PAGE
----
Endless change

Staff writer discusses new perspective on life


Grayson Cook

Staff Writer Grayson Cook discusses new outlook on his life and his previous years of struggle after life-changing trip.

Grayson Cook, Staff Writer

When I was young, I believed my family was invincible.

Despite all the hardships I had endured up till about the age of 9, despite the fact that I myself had to endure a constant amount of pain from multiple health issues, I believed nothing could happen to us

That is, until my second year of high school, when my whole world came crashing down, and I looked straight in the eye of grief and pain. Face-to-face.

Before that year, those childhood experiences led me to believe, “It is not my time yet,” and keep myself alive despite everything.

As I grew older, my life was still fraught with complications, but that didn’t stop me from being this lovable, funny kid who looked at his life and said to himself, “I wouldn’t have it any other way.” I had lots of friends and good grades in school. I was a natural in theater during my middle school year, and I was slowly getting more comfortable with things that were usually out of my comfort zone.

During my sophomore year however, my life was a total wreck. Losing four loved ones in a period of five months does horrors for the human mind and emotions. I was no exception to this.

You feel useless.

You feel grief.

Worst of all, you feel like the blame is on you.

At least, that’s how I felt.

I shut myself off from everyone I loved, scared that if I kept up my relationships with people, I would somehow “jinx” their lives. My grades also plummeted as my mind kept flashing back to those moments of indescribable realizations. I began to realize that dark parts of all that pent-up emotional pain in my mind were flooding into my soul until I didn’t even know who I was anymore.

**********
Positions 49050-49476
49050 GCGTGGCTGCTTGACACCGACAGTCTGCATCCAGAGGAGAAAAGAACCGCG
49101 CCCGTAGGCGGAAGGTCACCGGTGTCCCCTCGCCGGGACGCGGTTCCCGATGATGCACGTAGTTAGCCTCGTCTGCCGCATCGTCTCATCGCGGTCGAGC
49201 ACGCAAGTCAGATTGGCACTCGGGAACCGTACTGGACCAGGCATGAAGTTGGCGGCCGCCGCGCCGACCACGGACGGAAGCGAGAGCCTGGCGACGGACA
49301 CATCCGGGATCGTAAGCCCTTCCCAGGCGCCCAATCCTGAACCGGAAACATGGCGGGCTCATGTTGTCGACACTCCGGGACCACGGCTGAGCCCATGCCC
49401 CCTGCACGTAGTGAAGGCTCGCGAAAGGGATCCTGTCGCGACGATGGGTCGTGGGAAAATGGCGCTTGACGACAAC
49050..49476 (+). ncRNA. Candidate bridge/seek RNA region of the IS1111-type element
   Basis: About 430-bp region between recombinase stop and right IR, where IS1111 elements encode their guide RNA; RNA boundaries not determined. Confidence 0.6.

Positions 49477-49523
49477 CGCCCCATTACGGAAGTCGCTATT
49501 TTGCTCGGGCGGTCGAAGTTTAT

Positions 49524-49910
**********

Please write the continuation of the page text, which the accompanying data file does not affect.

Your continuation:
As kids, we’re told feeling grief and pain is a heartbreaking, but ultimately unavoidable, part of life, and that when it happens, it’s OK to not feel OK. To live in what I know as “the pain room” will only make us feel more miserable.

That might be true, but that doesn’t make it any easier to escape it because you feel like you deserve to be miserable. You deserve to feel the grief and pain because you were the supposed “cause” of that loss.

I was only able to overcome this grief very recently when I went on a school group trip to London and Paris during spring break.

I wrote a letter to those I had lost and, on the last day of the trip, threw it into the River Seine next to the Eiffel Tower. My hands shaking from the cold as my emotional inner grief came flooding to the surface. Nevertheless, I steeled my nerves, and looked toward the heavens in a silent prayer.

“Dear God,” I said to myself before I threw the letter in the water. “Dear God, I will not allow this grief to control my life any longer.”

With those words came a change in my perspective of life.

As my dad always tells me, “Today is the first day of the rest of your life.”  I have always believed he is right when making that statement, but I think I’ll add one more thing. If you waste those days being stuck in that pain room, you will never be able to live your life the way you desire.

So my message is this: don’t hide your pain and grief from those you love, but don’t let it control your life either. Loss is hard. It will always be hard, and nothing will ever change that, but if you accept that loss and take the steps necessary for healing instead of hiding from it, then healing you will receive.